MBCR gets another THREE years?!?

So, we'd heard rumors that MBCR, which "runs" the commuter rail, might get time added to its contract. Word this afternoon: their 5-year contract has been extended for three years! This for a system that "has regularly trailed Chicago's Metra, New York's Metro-North, New Jersey Transit's commuter rail, and the Long Island Rail Road, in on-time performance," according to Sunday's Globe.

As the Sunday story notes, three years is less than what MBCR wanted, but more than the minimum for a transition to a new contract.

Which begs the question: with MBCR's performance so poor throughout the life of the contract, why wasn't MBTA making preparations to rebid the contract on time?


Free tagging: 


Sounds like a padded schedule (no, not the trains)

By on

I find it difficult to believe that the T needs a minimum of two years to prepare, solicit bids for, and award a new commuter rail contract.

Especially since they've done this sort of thing before (when Amtrak was bounced in favor of Make Believe Commuter Rail).

I'm not exactly surprised

By on

It's going to take them three years to install an elevator in Copley station.

I think the first rule of any major project with the T is that everyone abandon it for at least 12 months after it begins.

beggin' the answer

By on

Which begs the question: with MBCR's performance so poor throughout the life of the contract, why wasn't MBTA making preparations to rebid the contract on time?

Monkey see, monkey do...

(I really like the name Make-Believe Commuter Railroad now.)

Make Believe Commuter Railroad?

By Innismir on

I wish. At least we'd have some sweet music while we all rode the trolley to our destination.

(Hopefully the reference I'm making is not too obscure)

Believable but still shocking

As a commuter rail rider, I can believe that the MBTA renewed the MBCR's contract. However, it is still shocking that poor performance grants an organization a contract extension. I just hope that the Worcester-Framingham line isn't still at the bottom of the performance heap this time next year. Both the T and the MBCR need to create a functioning transit system.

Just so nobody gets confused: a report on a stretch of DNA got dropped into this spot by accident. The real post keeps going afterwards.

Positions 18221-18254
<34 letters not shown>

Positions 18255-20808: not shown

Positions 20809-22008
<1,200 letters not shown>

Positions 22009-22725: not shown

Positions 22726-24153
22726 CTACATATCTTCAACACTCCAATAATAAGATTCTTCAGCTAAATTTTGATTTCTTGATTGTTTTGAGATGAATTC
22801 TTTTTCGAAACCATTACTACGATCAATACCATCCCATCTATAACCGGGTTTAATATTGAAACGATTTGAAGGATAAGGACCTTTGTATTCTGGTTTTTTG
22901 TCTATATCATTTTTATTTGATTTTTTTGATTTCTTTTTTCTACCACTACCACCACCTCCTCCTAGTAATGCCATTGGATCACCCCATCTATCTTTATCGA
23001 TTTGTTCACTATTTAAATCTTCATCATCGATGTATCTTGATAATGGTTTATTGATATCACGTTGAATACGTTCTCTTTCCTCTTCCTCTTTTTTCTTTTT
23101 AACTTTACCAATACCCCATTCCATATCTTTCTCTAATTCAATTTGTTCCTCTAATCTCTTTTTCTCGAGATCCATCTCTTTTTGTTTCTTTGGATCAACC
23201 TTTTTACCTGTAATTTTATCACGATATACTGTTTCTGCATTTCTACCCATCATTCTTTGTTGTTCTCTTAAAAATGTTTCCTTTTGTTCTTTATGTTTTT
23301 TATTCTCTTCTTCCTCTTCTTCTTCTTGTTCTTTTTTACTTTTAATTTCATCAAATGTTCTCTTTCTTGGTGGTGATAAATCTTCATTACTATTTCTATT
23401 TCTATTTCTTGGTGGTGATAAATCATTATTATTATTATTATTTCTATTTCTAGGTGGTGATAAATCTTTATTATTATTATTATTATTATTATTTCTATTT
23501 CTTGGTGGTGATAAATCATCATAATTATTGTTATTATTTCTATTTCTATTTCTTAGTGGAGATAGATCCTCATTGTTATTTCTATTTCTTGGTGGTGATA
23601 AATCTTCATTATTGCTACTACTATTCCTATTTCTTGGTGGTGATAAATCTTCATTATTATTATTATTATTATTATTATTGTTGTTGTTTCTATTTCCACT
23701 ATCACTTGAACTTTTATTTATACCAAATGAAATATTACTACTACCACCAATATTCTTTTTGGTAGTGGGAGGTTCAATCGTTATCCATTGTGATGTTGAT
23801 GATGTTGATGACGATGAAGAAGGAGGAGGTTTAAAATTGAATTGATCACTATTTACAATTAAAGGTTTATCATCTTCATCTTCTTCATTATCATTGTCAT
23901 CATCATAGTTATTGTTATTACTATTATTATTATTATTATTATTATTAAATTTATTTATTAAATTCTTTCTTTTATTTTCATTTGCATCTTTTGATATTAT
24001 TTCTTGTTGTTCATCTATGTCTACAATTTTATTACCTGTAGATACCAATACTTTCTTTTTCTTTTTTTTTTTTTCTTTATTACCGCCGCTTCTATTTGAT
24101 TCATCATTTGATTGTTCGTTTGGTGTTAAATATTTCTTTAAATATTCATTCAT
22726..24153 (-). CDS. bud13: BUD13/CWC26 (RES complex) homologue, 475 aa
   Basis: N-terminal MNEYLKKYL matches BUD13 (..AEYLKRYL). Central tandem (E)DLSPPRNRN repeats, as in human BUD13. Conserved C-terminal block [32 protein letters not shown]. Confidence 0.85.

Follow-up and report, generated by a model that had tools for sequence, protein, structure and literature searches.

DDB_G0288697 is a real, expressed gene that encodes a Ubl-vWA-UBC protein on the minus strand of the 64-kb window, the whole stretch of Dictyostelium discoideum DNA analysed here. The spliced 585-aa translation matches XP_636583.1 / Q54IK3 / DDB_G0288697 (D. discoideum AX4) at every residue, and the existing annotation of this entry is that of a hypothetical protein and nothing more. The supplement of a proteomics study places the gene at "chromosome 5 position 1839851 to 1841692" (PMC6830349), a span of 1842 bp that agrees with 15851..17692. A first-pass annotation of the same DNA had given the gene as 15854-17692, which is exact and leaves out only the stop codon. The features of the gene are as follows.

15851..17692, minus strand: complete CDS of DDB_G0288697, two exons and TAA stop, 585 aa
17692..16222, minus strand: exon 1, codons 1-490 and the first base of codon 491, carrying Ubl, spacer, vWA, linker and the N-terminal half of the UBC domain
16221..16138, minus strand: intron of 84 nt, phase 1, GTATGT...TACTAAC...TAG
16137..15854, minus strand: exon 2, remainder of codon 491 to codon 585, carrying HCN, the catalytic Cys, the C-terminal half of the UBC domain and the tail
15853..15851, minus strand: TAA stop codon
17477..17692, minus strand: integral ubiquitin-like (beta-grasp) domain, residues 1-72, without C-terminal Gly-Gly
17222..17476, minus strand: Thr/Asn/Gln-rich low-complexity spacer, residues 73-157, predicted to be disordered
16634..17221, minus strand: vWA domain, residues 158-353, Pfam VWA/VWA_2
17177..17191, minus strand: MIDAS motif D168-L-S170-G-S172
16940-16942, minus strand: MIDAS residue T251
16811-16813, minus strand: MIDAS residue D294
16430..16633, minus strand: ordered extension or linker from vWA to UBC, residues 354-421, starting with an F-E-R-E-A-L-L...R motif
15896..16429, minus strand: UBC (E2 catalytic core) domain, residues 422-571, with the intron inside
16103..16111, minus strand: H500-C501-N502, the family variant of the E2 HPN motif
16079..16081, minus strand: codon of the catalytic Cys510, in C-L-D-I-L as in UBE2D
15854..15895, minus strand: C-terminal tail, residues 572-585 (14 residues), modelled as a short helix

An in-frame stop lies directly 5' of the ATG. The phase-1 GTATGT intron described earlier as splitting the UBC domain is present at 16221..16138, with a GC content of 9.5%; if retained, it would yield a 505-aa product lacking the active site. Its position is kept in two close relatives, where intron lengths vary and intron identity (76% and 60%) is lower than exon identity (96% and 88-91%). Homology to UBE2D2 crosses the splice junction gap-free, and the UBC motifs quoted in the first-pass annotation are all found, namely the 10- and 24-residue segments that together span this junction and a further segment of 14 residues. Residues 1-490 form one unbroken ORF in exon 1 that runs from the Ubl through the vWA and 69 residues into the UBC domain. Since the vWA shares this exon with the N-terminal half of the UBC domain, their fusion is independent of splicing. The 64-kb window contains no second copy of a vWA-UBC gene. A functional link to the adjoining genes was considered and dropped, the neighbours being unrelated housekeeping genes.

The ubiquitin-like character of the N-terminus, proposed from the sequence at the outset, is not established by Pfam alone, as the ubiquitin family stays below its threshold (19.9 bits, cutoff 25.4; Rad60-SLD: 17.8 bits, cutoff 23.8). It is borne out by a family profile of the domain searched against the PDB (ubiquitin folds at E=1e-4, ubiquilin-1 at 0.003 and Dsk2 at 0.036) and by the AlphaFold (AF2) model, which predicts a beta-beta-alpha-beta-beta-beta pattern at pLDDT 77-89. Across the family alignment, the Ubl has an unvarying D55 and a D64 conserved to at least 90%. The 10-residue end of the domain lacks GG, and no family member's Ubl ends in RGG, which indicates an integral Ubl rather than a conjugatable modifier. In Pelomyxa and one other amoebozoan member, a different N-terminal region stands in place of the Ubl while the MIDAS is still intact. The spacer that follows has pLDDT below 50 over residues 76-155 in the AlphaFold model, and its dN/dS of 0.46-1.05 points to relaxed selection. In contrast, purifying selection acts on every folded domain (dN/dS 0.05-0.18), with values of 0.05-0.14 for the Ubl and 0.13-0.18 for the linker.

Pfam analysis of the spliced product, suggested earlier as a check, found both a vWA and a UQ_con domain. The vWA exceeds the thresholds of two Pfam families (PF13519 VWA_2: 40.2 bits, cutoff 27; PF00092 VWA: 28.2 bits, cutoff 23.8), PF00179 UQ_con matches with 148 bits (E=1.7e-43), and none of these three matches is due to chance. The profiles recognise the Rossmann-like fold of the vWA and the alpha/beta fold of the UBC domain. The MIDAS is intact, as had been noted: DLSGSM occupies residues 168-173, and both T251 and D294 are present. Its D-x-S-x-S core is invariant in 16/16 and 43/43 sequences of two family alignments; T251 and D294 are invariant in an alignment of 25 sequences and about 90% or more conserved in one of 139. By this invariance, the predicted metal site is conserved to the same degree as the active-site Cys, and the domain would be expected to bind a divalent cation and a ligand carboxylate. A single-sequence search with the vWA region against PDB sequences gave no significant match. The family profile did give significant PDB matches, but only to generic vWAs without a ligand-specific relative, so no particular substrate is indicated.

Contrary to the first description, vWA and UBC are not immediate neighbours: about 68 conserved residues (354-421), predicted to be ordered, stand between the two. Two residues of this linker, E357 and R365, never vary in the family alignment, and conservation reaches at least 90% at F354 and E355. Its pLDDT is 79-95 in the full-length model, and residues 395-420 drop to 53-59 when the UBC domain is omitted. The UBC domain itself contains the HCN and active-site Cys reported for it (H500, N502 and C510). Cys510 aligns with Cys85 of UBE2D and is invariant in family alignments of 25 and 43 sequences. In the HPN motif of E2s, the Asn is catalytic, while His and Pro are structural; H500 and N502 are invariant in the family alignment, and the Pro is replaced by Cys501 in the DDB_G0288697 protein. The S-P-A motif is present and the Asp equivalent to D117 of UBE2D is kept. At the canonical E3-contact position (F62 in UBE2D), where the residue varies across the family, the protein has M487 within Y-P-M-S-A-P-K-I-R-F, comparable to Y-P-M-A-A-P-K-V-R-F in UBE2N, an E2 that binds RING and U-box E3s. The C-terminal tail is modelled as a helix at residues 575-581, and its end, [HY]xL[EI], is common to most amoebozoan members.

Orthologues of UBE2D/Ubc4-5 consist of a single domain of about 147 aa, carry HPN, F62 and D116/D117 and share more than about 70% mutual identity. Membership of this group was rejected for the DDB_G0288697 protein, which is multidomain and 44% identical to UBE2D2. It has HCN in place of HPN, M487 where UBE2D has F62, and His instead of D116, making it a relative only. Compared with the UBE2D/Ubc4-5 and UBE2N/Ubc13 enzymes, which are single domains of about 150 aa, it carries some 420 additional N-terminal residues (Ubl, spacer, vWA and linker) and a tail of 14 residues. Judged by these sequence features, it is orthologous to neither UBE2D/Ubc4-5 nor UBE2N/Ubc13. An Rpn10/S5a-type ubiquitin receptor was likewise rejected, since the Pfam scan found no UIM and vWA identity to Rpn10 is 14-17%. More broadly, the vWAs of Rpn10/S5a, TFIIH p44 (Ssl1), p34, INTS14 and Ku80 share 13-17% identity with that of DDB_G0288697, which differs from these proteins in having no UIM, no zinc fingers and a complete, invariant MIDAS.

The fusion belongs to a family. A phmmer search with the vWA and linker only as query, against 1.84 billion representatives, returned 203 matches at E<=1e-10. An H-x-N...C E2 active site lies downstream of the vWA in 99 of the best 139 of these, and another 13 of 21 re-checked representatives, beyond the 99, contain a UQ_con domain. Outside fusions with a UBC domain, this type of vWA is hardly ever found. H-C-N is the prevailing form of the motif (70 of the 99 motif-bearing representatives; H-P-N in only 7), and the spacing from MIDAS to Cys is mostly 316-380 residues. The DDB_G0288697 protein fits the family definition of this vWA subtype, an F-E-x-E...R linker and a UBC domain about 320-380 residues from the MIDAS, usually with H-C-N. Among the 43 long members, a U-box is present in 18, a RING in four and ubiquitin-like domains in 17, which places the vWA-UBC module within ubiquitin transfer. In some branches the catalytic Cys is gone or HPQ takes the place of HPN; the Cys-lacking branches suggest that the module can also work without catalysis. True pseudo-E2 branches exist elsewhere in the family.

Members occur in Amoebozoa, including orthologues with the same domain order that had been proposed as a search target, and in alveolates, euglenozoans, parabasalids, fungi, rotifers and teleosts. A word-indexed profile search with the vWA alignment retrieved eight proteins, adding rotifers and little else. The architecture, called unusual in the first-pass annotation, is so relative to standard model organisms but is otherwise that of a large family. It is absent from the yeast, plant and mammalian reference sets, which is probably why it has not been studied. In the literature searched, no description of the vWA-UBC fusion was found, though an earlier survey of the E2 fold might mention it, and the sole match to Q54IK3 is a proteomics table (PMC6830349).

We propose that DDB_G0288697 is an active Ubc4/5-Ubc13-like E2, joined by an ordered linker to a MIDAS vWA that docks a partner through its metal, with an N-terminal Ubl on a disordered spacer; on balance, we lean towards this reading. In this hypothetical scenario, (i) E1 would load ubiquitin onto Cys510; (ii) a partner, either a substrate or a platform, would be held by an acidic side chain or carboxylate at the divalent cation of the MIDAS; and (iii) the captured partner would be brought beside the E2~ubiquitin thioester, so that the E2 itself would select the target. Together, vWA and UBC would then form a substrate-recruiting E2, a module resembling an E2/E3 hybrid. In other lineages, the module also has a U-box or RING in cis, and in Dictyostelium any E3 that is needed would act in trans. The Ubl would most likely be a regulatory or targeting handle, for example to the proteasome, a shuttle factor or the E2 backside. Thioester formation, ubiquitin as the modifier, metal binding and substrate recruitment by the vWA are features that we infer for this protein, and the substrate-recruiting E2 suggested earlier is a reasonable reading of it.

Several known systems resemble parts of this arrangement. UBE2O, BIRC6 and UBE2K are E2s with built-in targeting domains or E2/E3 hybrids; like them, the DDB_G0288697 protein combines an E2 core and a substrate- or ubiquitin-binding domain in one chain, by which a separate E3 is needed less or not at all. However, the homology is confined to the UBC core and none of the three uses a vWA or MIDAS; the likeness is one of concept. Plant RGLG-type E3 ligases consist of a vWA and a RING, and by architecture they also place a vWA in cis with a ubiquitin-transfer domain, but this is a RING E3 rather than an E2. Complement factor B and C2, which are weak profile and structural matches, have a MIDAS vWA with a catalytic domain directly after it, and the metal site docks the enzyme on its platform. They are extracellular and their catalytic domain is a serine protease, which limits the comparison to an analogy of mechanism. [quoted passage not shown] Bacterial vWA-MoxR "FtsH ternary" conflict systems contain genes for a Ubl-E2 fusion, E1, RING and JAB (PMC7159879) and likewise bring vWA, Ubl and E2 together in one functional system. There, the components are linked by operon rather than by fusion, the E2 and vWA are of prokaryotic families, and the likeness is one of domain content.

Single year renewal?

By on

The MCBR should have been treated like an aging but still potentially useful baseball player.

Give them a three year contract, with potential for cancellation each year and a weight clause.

Three years

By on

When I saw "MBCR gets three years" my first thought was that it was a light sentence.

What's the alternative?

By Jemima on

Nobody wants to run the commuter rail. IIRC, Amtrak didn't even bid for the contract last time around. Do you think the MBTA has some other band of nutcases in the wings willing to do their job for them if they boot MBRC?

Alternatives to MBCR

One alternative would be for the MBTA to run it in-house instead of hiring a contractor. I believe all of the NYC-area commuter rails are run this way.

Another would be to bring back the Boston & Maine -- but they lost the contract in the 1980s after a labor strike against them shut the whole north-side system down for months.

Double Edged Sword

By on

Ron, this is a great idea, as it would cut out the large administrative fee (profit) that any middle man contractor is paid, which in light of MBCR's contract price is probably very large and could be used for other things. On the other hand, I imagin that there is a reason that the T started putting the commuter rail operation out for bid. Its either because they tried themselves and failed or because they looked at the difficulties of even trying and recognized that they were not up to the job. This is always the double edged sword of government contracting when it comes to services. Can the public (or quasi public) employees perform as well as they could if they were private employees? Its hard to say. I will say this, however: the logic of out-sourcing a government service is typically that, at the very least, the contractor will be able to act more efficiently by elimenating red tape, quickly implementing solutions to problems and being able to easily terminate bad employees while operating at the same or lower cost. I'm not sure that the MBCR has been able to accomplish any of these things because of the way their contract is set up, the ownership of the rails and trains by the MBTA, and the strength of the MBTA employees union. It would interesting for Deval's new State transportation board to do a study of how much the MCBR is behaving like a public entity versus a private contractor. That way, you could at least tell if MCBR was adding the kind of value typically sought from outsourcing.

There's no way the T is

By on

There's no way the T is going to take over the commuter rail. They don't want to deal with the headache and there's no guarantee they could do a better job or do it for less.

MBCR Banking

By on

Does anyone know who MBCR's corporate bank is?

Thanks Darren